Employees leave companies every day. Some choose to leave for personal reasons, some switch careers but others leave for better pay and opportunities. In fact, according to Pew Research, the main reasons people quit their jobs in 2021, a.k.a. the Great Resignation, was due to low pay, a lack of opportunities for advancement and feeling disrespected at work. If your employees are leaving for these reasons, it could reflect a bad company culture.
What is Company Culture
Company culture is defined as shared beliefs and values established by leaders and then communicated and reinforced through various methods, ultimately shaping employee perceptions, behaviors and understanding, according to SHRM. And it’s extremely important when it comes to employee engagement, retention and even recruitment.
Glassdoor’s Mission & Culture Survey 2019 found that:
- More than 77% of adults across four countries (the United States, UK, France, Germany) would consider a company’s culture before applying for a job there,
- 79% would consider a company’s mission and purpose before applying and
- More than half of the 5000 respondents said that company culture is more important than salary when it comes to job satisfaction.
And if you don’t know what your company culture is like, an exit interview can provide some valuable insight.
What are Exit Interviews?
Exit interviews are conversations HR has with exiting employees. Through exit interviews, HR is able to glean valuable insight into why employees leave. The information gained helps HR track turnover and highlight any problems or issues the company might not be aware of, including when it comes to managers, supervisors, crew leaders and even co-workers. Learning about company issues can also help you understand where your culture is strong and where it’s lacking.
How to Conduct an Informative Exit Interview
As with any process, you want to make exit interviews as efficient as possible, so you learn enough useful information.
Come to an exit interview prepared by asking questions that will get to the issue as to why the employee left. Questions should help you understand the employee’s level of job satisfaction, how they felt their efforts were recognized, relationships with co-workers and managers, development opportunities and company culture. Some examples include:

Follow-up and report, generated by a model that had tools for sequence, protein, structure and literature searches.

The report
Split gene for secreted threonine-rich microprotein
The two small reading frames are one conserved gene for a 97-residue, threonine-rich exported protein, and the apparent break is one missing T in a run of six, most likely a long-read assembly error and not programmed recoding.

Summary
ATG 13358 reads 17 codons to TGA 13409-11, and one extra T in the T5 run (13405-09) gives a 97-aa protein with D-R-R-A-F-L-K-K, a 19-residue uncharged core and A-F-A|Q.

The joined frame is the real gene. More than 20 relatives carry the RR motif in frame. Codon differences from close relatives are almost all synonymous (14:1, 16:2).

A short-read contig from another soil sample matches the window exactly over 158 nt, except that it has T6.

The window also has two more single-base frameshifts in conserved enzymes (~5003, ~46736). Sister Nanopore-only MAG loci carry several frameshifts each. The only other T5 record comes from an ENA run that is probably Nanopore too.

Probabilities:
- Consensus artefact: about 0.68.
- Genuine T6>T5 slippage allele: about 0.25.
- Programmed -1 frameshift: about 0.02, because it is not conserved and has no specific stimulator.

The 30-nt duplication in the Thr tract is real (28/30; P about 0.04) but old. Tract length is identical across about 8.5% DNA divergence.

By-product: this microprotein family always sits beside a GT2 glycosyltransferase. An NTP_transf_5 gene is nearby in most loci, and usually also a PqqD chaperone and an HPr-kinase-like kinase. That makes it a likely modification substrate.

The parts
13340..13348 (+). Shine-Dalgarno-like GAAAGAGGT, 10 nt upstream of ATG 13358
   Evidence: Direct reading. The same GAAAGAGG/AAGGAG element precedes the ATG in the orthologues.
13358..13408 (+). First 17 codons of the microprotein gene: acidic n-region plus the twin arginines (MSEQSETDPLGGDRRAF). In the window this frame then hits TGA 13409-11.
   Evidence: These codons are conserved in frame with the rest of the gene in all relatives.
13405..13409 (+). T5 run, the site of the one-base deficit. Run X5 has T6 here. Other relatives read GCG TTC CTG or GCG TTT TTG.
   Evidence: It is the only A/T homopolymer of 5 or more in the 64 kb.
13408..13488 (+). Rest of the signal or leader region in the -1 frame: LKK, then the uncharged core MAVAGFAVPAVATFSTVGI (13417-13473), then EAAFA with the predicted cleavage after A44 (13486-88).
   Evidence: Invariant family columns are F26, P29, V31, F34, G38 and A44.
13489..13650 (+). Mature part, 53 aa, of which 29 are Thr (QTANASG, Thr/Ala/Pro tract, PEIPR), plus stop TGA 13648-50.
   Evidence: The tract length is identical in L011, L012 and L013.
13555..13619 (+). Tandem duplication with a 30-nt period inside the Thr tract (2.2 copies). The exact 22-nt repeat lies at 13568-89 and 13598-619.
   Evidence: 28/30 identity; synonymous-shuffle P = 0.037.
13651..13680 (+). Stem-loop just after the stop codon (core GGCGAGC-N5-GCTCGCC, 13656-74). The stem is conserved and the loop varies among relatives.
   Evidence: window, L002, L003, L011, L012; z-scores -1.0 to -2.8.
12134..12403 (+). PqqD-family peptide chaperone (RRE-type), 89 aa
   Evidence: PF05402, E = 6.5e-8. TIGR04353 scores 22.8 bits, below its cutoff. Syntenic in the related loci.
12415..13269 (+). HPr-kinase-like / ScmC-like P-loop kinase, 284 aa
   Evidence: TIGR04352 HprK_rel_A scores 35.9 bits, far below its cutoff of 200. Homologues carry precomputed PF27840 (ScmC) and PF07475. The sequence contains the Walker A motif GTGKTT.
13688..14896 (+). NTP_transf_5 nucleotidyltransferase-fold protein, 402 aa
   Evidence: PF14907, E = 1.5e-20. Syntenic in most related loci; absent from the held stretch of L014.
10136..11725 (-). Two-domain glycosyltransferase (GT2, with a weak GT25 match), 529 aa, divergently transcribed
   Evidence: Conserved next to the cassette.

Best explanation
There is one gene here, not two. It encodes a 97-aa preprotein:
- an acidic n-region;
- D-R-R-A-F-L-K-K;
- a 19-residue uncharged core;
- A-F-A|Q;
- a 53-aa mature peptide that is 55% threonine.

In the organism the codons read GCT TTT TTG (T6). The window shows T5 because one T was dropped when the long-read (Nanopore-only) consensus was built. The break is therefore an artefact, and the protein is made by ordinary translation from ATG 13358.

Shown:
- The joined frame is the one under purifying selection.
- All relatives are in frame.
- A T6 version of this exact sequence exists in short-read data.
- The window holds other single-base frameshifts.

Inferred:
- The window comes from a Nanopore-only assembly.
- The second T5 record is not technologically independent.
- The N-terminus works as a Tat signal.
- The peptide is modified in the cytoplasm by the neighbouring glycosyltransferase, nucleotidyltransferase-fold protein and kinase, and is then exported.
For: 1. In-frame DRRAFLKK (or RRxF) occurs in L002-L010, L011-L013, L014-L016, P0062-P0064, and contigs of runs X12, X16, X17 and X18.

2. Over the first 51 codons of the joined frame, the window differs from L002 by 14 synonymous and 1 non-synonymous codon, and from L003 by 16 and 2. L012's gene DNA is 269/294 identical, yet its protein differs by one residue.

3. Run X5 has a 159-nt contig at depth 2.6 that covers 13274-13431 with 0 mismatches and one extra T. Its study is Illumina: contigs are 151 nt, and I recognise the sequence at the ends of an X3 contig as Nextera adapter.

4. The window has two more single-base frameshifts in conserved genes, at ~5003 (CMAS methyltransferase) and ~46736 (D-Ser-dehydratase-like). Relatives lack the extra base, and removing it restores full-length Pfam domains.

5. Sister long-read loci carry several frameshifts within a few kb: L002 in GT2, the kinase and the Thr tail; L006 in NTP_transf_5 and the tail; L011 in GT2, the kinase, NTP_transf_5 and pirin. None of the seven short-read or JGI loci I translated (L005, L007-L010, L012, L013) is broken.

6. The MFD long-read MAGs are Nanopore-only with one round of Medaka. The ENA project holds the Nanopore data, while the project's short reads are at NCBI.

- What prompted you to look for another job?
- Do you feel you had the tools to do your job well?
- Did you feel your manager recognized your work?
- How would you describe your relationship with your co-workers?
- How would you describe your relationship with your manager?
- Were you given the opportunity to learn new skills?
- What company processes do you think could be improved?
- What was the best part of your job?
- What did you like least about your job?
- What would you improve about the situation that’s causing you to leave?
Keep the Interview on Track
A good exit interview should provide valuable feedback while sending the employee off on a positive note, leaving the door open for a possible future return. What it shouldn’t be is a gossip session about worksite or office drama. HR needs to set the tone of the interview that’s professional and focused on the employee’s experience by keeping the meeting on track.
Keep in mind, exit interviews are not always positive. Robert Half suggests being prepared for negative comments and resisting the urge to make negative comments yourself; don’t take anything too personally. It’s your responsibility to remain professional, composed and uphold your company’s reputation.
Do Something with the Feedback
Don’t let the valuable feedback you’ve gained go to waste. Analyze what you’ve heard, look for trends, share the information with leadership and figure out what the next steps are. If you consistently hear about issues, create an action plan to make improvements. For example, if you see a trend where several employees say a manager doesn’t possess leadership skills, either provide development opportunities or evaluate how the company promotes employees. Or if employees don’t feel appreciated, take a look at your recognition program and see where improvements can be made, like treating employees to monthly lunches or posting employee achievements on the website and social media.
The information gleaned from exit interviews can help improve your company culture, which can give you the upper hand when it comes to keeping the employees you have and attracting new ones.
Using HR software, like Arcoro’s Performance Management, can help managers guide their employees’ careers, helping keep them happy so they remain at the company. Robust performance management may help you have to conduct fewer exit interviews.
Arcoro® Performance Management is a cloud-based solution that empowers team members to direct their own career development toward mutually agreed upon goals and competencies, while enabling managers to better understand the strengths and weaknesses of the overall team and keep them focused on achieving their goals. By benchmarking, tracking and evaluating employee performance over time, HR teams gain all the insight needed to make informed personnel decisions. Arcoro Performance Management centralizes goals, competencies and 360-degree feedback to create a career roadmap for employee and organizational success.